Question: How did the Duluth get dubbed the "Zenith City?" And, honestly, what does it mean and why are we so attached to it?
This question comes from one of the News Tribune’s newer reporters. When she sent it to me, I admit that my first thought was, “Oh, everyone knows that!”
Then I realized I didn’t know the answer.
I thought I did — and I vaguely had a sense that someone gave a speech or wrote a book about Duluth and coined the term. But if this were an episode of “Jeopardy!” I’d have wagered zilch, Alex.
Anyway, I’m along for the ride on this one. I’m going to borrow heavily from Duluth historian Tony Dierckins’ research on the topic, which is found at his own Zenith-flavored blog.
So, as it turns out, it was the editor of Duluth’s first newspaper who first used the term.
Thomas Foster founded the Daily Minnesotian ("Minne-so-shun") in 1869 after essentially moving his St. Paul Minnesotian to what would soon become Duluth. He had moved north a year before, shortly after Jay Cooke announced plans to bring two of his railroads here.
On July 4, 1868, Foster “gave a grand oration, during which he first called Duluth the ‘Zenith City of the Unsalted Seas’ and outlined the future of Duluth as the ‘Chicago of Lake Superior,’” Dierckins wrote.
There is no written copy of the entire speech, though portions were later published in Foster’s newspaper.
Foster was a heck of an optimist. At the start of 1869, only 14 families lived at the base of Minnesota Point, Dierckins noted.
Then again, by 1872, Foster had left Duluth, giving the Minnesotian to his sons. He died in San Francisco in 1903, according to the Minnesota Historical Society.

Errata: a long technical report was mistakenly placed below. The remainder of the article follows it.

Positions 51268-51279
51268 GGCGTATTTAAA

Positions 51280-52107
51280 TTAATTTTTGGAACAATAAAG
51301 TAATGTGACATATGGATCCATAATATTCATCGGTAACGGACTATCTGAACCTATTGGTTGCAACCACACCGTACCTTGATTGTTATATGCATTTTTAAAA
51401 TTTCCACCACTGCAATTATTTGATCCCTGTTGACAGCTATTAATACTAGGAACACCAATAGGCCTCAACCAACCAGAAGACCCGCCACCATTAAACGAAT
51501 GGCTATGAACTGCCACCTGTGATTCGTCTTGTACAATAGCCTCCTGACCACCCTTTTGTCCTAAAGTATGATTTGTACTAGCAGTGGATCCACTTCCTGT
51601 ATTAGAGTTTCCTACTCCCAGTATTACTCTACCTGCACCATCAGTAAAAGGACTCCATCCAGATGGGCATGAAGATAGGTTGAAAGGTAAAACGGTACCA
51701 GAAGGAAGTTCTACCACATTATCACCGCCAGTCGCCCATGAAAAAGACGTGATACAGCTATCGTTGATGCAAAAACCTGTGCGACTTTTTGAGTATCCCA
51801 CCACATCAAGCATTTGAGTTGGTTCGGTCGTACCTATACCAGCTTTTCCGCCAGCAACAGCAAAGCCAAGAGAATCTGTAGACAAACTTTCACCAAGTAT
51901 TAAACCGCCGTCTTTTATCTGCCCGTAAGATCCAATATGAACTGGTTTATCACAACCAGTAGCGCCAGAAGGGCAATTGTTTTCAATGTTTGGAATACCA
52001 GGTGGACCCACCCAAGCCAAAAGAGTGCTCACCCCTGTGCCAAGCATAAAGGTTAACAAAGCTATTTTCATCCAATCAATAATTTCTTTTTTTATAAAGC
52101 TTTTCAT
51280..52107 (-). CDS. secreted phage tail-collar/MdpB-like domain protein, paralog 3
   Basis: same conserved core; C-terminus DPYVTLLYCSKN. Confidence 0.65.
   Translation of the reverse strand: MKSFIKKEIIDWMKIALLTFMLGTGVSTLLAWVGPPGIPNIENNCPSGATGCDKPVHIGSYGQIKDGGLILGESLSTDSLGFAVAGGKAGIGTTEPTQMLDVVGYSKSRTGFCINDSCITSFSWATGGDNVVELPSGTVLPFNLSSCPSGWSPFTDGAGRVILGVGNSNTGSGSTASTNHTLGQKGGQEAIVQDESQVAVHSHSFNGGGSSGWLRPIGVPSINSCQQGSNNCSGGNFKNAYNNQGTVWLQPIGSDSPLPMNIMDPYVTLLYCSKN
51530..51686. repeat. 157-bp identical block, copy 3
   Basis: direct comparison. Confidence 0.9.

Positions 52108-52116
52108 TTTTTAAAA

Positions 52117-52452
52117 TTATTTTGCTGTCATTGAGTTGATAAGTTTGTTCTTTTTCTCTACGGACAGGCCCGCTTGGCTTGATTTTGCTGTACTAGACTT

Let’s talk a little newspaper history while we’re at it. Foster’s Minnesotian was the first newspaper in Duluth, but not for long.
In 1870, Cooke helped bring R.C. Mitchell’s Superior Tribune over to Duluth to compete with the Minnesotian because city leaders weren’t fond of Foster’s criticism in the Minnesotian’s pages, Dierckins wrote. (Two years later, those leaders would try something similar in protest of Mitchell’s views.)
In 1875, the Minnesotian, led by Edward and Clarence Foster, merged with an early Duluth Herald — unrelated to the later Herald — to become the Minnesotian-Herald. Mitchell bought the Minnesotian-Herald in 1877, and it ceased publication the next year. The Duluth Tribune resumed daily publication in 1881.
W.S. Woodridge started producing the Lake Superior News in 1878, becoming the Duluth Daily News in 1886. Milie Bunnell established a new Duluth Herald in 1883.
In 1892, the Daily News and the Tribune merged to form the Duluth News-Tribune. The News-Tribune and the Evening Herald were joined under one roof in 1929, and they formally merged in 1982 as the News-Tribune & Herald. The “Herald” name was dropped in 1988, and the hyphen in “News-Tribune” was abandoned in 2000.
As for why the “Zenith” name has endured, I don’t know. That’s more than this column can bite off this week. It’s catchy, though, and it brims with the kind of civic pride Foster seemed to have so long ago.
And unlike Foster, we’ve got a crown jewel of a town here to back it up.